And so ends the Montreal Canadiens centennial season. I have to tread carefully here because so many of my friends and family are die-hard Habs fans. I was reminded of this yesterday when my cousin scolded me on Facebook after I mentioned in my status that I thought fans of the Tricolore take joy from booting people out of town. I should perhaps re-frame what I said.
Habs fans young and old have yet to adjust to the fact that their team are no longer an NHL juggernaut. In Canada we all grew up knowing that the Canadiens were the winningest franchise in hockey history, having won 24 Stanley Cups. And depending on your age, you probably grew up revering/fearing "Les Glorieux". The seven years between Cups in 1986-1993 seemed like a very unusual blip on their march to championships and the Montreal populace retained their arrogance/confidence/cockiness for years afterwards.
Years became a long decade, a decade that is stretching into two and the reaction in Montreal is nothing short of fevered panic. Since that last Cup, the Canadiens have made seven coaching changes. Every one of those coaches had a winning record (except for Alain Vigneault but only because ties count as losses in winning percentage). Yes, even Mario Tremblay was a winner in Montreal. Nonetheless, all these coaches were deemed unfit to continue in their duties as head coach of the team. Two of them were, however, good enough to coach the Canucks and Bruins to first-round sweeps this post-season. Ouch. I know that stung, my beloved friends and family.
And then there's all the captains that have been run out of town (yes, even - especially? - the French-Canadian ones). Guy Carbonneau, Kirk Muller, Mike Keane, Pierre Turgeon and Vincent Damphousse were all traded away and went on to very successful post-Canadiens careers. It's a wonder Saku Koivu lasted as long as he has, but that run is about to end (he will leave as a free agent in a refreshing twist). And let's not even get into the goaltending stigma in Montreal - my lunch is only an hour long.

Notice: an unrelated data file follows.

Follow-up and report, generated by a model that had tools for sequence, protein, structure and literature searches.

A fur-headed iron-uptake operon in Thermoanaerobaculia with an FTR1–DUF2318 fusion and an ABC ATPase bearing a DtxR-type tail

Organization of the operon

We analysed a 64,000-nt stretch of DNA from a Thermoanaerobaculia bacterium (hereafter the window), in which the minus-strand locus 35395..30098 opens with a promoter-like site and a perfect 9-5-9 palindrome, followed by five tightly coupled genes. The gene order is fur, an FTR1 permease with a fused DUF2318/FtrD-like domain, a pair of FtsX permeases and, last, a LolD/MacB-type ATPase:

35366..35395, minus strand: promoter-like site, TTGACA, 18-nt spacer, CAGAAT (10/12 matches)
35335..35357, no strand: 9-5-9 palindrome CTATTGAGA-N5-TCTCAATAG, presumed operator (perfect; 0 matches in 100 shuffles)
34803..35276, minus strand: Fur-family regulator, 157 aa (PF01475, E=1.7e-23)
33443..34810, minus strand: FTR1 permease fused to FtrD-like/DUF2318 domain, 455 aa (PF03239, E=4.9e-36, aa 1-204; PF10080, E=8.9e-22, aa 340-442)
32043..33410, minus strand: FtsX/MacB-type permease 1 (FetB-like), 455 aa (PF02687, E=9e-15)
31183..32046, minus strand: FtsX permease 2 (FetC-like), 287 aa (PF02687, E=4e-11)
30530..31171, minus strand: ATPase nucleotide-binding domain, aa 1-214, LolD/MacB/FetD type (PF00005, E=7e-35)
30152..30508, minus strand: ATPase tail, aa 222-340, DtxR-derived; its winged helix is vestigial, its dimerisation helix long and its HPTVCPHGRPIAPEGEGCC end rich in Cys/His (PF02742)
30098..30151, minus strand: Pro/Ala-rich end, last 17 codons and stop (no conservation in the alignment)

My argument here is that stability creates a winning atmosphere. I thought the Canadiens had figured that out and I foolishly believed that Bob Gainey (pictured, right) and Guy Carbonneau would anchor the "bleu, blanc, rouge" for years to come. As seen earlier this season, though, patience is thin among the Canadiens fan base and they are hungry for blood. Never mind that their best player, Andrei Markov, missed the last part of the season and playoffs due to injury: someone must to pay for this embarrassing 4-game sweep. That person will almost surely be Bob Gainey. I urge you to look around the landscape and identify possible candidates to replace him, Habs fans. You'll see that a) there aren't very many good general managers available and b) those that are good are not likely to step into such a viper's pit. Gainey had assembled a team that was touted as a Stanley Cup contender by many experts at the beginning of the season (including most Habs fans). Now that it hasn't happened, you'll throw the guy out on the street? Come on now, take a deep breath.
This of course is just an opinion, and please remember that family sticks together through thick and thin...right? I love you too.